Common thoughts that triggers the anger are: “this should not be happening to me.” “I wasted my life” (and I shouldn’t have), “I haven’t achieved anything in this life” (and I should have), “there is so much I wanted to accomplish” (that I should have accomplished). This anger at the self often spills into frustrations and irritations at others. Then, we get labeled, “old grouch,” people withdraw and sadness and depression set in. Common thoughts are of worthlessness and loss of purpose. Finally, anxiety and hyper awareness over impending death takes up most of our daily attention.

What I find interesting is that just one week prior to this event that triggered the surprise and shock, we did not feel sad, depressed or anxious and panic. We went along with our lives focusing on our day to day activities, relationships, and goals.

*** This article is part 1 of a 3 part series where I go over acceptance based strategies for dealing with agism. ***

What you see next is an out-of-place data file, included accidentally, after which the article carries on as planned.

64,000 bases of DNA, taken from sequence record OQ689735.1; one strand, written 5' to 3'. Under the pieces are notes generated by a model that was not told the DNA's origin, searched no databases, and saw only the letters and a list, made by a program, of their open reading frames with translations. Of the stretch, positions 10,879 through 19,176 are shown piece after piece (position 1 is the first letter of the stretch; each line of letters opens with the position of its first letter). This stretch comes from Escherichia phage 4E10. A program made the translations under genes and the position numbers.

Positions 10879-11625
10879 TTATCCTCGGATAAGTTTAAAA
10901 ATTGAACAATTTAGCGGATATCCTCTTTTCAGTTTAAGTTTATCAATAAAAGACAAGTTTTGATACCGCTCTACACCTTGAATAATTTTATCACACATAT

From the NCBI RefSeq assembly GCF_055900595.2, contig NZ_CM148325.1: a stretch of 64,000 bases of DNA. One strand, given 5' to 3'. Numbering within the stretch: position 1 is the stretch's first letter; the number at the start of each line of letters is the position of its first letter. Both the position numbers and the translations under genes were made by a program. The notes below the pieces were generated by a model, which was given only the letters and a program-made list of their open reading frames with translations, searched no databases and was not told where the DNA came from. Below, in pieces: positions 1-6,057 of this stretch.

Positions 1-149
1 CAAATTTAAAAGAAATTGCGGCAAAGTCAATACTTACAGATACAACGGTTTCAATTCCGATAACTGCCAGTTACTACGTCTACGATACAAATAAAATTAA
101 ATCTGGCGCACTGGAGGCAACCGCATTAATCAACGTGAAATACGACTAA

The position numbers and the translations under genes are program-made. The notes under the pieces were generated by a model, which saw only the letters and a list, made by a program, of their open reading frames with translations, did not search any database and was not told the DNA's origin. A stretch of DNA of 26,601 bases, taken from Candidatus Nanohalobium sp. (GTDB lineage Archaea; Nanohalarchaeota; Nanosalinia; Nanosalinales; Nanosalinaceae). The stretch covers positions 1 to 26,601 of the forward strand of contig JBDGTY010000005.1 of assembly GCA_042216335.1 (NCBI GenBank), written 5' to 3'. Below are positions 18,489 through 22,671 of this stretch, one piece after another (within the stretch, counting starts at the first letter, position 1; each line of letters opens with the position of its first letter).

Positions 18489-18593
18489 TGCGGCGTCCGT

Lets first take a look at the labels that we use to define our identity and how helpful this is.

As I mentioned above, other people in this society think up what old is and should be. Then, they feel compelled to tell us about their thought. “Oh, you don’t look 50.” “You are too old to be dating.” “Have you thought of retiring?” “Aren’t you too old to be going back to school?” When I hear these thoughts, I have 2 choices; internalize the thought and identify with the label old, or see it as something that was just generated by my friends mind. I ask myself, which choice would work best for me right now?